Sea lice on Atlantic salmon. Photo: Helge Skodvin/Nofima

Sea lice prevention is better than the cure

Sea lice management is a stressful task for salmon and salmon farmers. Methods to prevent sea louse infestations have some key advantages over other strategies, scientists argues.

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In a new article titled Prevention not cure: a review of methods to avoid sea lice infestations in salmon aquaculture, researchers from the University of Melbourne, Norwegian Institute of Marine Research and Nofima argue that methods to prevent sea louse infestations have some key advantages over other strategies, and identify the most promising preventative methods.

Currently, farmers have options to manage lice by preventing infestations, continuously controlling infestations to keep lice at low levels, or waiting until infestations reach ‘trigger’ levels and then carrying out immediate delousing. The authors write that effectively preventing infestations before they occur causes less stress for the salmon and fewer production losses, as farmers avoid the need for delousing treatments.

“The major delousing methods subject the salmon and the lice to the same unpleasant experience – they work because the salmon usually survive the experience and the sea lice do not. Preventative methods avoid this situation by targeting lice before they attach to the host, or by helping salmon fight off lice larvae at the moment of attachment”, said lead author Dr Luke Barrett from the University of Melbourne.

What are the most effective methods to prevent sea louse infestations?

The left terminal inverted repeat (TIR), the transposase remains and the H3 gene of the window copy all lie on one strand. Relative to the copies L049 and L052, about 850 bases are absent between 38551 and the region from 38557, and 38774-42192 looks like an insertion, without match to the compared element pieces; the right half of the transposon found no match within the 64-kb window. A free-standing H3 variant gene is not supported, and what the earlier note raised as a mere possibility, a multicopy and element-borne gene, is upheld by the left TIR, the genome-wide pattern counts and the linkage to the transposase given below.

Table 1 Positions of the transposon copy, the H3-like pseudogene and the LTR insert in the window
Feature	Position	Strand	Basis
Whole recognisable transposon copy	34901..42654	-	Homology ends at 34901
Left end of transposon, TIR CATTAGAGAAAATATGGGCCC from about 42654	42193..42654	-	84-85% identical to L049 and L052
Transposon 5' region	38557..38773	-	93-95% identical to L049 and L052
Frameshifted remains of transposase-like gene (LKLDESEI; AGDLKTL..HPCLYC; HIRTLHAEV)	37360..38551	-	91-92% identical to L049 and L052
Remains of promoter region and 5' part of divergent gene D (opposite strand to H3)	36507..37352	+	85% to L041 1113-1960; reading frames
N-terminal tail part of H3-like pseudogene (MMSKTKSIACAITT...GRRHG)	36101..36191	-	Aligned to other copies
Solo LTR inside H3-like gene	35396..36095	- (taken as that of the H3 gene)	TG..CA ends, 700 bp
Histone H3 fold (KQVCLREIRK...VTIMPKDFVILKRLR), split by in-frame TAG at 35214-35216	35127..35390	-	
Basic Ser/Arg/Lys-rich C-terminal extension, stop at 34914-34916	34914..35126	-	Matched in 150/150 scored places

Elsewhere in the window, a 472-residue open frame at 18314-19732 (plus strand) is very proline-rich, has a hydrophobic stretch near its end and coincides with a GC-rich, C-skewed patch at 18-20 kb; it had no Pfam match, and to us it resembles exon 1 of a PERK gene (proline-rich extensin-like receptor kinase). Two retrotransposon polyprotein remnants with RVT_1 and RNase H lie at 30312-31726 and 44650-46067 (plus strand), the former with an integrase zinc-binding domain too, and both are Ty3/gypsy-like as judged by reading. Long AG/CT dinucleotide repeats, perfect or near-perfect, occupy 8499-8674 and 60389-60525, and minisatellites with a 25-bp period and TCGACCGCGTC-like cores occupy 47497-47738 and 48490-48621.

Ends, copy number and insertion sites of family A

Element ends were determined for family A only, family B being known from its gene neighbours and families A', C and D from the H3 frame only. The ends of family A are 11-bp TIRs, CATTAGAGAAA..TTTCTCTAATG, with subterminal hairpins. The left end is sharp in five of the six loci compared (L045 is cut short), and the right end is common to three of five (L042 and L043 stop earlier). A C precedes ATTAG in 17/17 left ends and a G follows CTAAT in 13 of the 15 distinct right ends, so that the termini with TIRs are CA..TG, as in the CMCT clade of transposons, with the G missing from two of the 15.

The researchers trawled through the data from all published tests of sea lice prevention and identified the most effective methods. They found that the best approach is to keep lice out of sea cages using mesh or tarpaulin barriers: lice skirts prevented 55% of infestations, while snorkel cages prevented 76%. These methods can make the job of controlling lice much more manageable, while fully enclosing cages is more difficult but can be up to 100% effective.

However, lice barriers are not suitable at all locations, for example where there are strong currents or low oxygen levels. In such cases, other more widespread preventative methods are worth trying, such as encouraging salmon to swim below the most common depth for sea lice, improving the immunity of salmon using breeding or functional feed additives, and using repellents or masking scents to stop lice being attracted to salmon.

“Most preventative methods leverage our knowledge of the natural behaviours and physiology of salmon and lice, such as their preferred swimming depths, to reduce the likelihood of salmon encountering lice and becoming infected”, said co-author Prof Tim Dempster from the University of Melbourne.

A diagram showing the lice stages targeted by different lice management strategies. Preventative methods are in green, while the most common lice removal methods are in red and orange.

What does the future hold?

Farming companies, especially in Norway, are beginning to invest more heavily into preventative methods such as skirts and snorkel cages, as well as continuous control methods, to avoid having to delouse. The authors expect this trend to continue.

Crucially, susceptibility to sea lice is a genetic trait that is passed on to offspring. Accordingly, some researchers and farming companies have also made progress on breeding more lice-resistant salmon, while work on a cost-effective vaccine continues. “Selective breeding against sea lice is a long-term strategy that will likely bring significant benefits in the future.” said co-author Dr Nick Robinson, a senior researcher at Nofima.

The research was published this week at Reviews in Aquaculture.

Different types of preventative methods and their measured effects on lice levels. Each dot is the outcome of a single study testing that method.

 Breeding and genetics  

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